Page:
A student upsurge in Mexico
looks at student struggles that are being called the Mexican Spring.
AN UNEXPECTED wave of protests led by university students has broken out in cities across Mexico, centered on the media's promotion of presidential candidate Enrique Peña Nieto of the Institutional Revolutionary Party (PRI), the party that ruled Mexico for 70 years until 2000.
Students from different social backgrounds, and from both public and private universities have for the first time formed a united front in leading a nonviolent struggle of conscience against mainstream media conglomerates Televisa, TV Azteca, Milenio and Radio Formula, including their anchors, broadcasters and journalists. But the protests' main focus on the media's telegenic chosen candidate, Peña Nieto.
Anti-Peña Nieto sentiment publicly began to make headlines at the Universidad Iberoamericana on May 11, when the visiting candidate was loudly and embarrassingly mocked by students.
The candidate's visit to the campus was previously canceled on two occasions--apparently out of fear that he would stumble, as he had at the International Book Fair in Guadalajara last December, when he was unable to remember the authors of books that had been important to his life.
Once he arrived on campus in May, Peña Nieto was forced to leave through the back door as students ran him off the premises chanting: "Out ignorant, out Peña Nieto, the Ibero doesn't want you!" In a university that mostly caters to the upper middle class and wealthy, the protest was another unexpected blow to the PRI candidate's already flawed reputation.
With the help of a friendly media, Peña Nieto and the PRI immediately retaliated in accusing Josephina Vasquez Mota of the right-wing National Action Party (PAN) and center-left candidate Andres Manuel Lopez Obrador of the Progressive Front of jointly conspiring against him by accusing the two of fomenting intolerance.
When the media echoed those claims, 131 students who had participated in the protest posted a video in which they showed their student IDs. This led to the launch of a Twitter feed, #YoSoy132--I am 132.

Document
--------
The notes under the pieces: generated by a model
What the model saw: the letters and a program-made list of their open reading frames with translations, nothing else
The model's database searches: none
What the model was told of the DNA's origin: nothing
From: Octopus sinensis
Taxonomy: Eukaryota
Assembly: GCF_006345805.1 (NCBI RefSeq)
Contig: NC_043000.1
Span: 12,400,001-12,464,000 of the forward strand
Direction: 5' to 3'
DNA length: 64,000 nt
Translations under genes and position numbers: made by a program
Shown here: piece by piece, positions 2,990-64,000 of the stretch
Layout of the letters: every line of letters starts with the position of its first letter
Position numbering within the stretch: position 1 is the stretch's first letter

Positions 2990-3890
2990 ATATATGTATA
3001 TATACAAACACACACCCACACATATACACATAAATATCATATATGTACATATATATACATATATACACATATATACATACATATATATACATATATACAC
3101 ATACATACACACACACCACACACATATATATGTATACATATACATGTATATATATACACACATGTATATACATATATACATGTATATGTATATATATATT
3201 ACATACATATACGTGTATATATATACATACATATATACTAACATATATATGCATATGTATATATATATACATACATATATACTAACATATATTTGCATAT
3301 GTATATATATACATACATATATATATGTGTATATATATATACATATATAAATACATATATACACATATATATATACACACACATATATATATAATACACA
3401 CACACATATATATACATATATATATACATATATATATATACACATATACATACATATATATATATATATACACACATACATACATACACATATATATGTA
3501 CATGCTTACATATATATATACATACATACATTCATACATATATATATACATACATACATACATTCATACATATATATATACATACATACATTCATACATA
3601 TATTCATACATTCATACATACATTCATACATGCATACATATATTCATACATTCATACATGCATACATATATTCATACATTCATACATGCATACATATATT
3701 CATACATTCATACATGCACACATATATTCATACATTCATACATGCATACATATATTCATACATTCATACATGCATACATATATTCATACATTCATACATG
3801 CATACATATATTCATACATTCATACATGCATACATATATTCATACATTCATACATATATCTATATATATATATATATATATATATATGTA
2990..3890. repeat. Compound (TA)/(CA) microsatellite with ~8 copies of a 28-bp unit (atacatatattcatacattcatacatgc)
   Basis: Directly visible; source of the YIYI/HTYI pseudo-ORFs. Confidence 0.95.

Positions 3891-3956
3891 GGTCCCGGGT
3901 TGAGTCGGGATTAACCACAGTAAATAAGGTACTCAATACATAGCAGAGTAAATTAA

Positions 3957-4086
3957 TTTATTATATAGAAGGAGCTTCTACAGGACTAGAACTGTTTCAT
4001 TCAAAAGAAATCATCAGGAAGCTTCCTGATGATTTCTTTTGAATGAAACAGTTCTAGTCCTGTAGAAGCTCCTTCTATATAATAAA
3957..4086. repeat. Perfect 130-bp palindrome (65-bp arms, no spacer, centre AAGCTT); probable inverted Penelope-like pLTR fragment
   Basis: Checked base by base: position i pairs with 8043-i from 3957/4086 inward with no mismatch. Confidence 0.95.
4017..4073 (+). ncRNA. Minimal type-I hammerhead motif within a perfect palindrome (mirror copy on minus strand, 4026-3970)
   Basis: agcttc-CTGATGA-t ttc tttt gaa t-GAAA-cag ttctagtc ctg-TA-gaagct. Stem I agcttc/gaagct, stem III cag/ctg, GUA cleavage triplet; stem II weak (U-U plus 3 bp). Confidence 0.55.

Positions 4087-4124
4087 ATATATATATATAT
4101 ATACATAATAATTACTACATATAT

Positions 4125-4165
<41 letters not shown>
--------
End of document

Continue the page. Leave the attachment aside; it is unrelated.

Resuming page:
THE SURPRISING Ibero students' mobilization against Mexico's elitist apparatus was followed a week later by a student march to the headquarters of Televisa, demanding the television network stop their campaign of disinformation, fabrications and manipulation. In the march, protesters chanted, "No to Peña Nieto, no to Televisa." The students also demanded that there be more transparency by all media networks in covering not only their movement but those of the other presidential candidates as well.
With student anger rising nationwide, Peña Nieto has avoided visiting the traditionally more radical public institution, Universidad Nacional de Mexico (UNAM), where Lopez Obrador was once a student and where AMLO, as Lopez Obrador is known, is supported by the majority of today's students and alumni.
The campus events were followed by days of student and other citizens' movements using social media outlets such as Twitter and Facebook--that called for a mass march against Mexico's largest media conglomerates and their presidential candidate Peña Nieto. They called for a protest--"Marcha anti-EPN," after the candidate's initials--initially in Mexico City's main plaza, the Zocalo, though calls for actions spread to cities across Mexico.
The anti-Peña Nieto demonstration was followed by a protest in support of the center-left candidate AMLO. Thousands of supporters in cities across Mexico and hundreds in cities across Europe, South America, Australia and the U.S. gathered to show support for AMLO in the effort to finally bring an end to decades of right-wing rule.
But more inspiring still was when thousands of students from universities across Mexico, both private and public, joined Lopez Obrador's rally at the historic Plaza of the Three Cultures in the Tlatelolco section of Mexico City. The demonstration in Lopez Obrador's support was symbolic in that it paid homage to the radical 1968 student movement that resulted in the massacre of countless youth at the hands of the then-government of Gustavo Diaz Ordaz--the most repressive regime since that of Porfirio Diaz at the turn of the 20th century.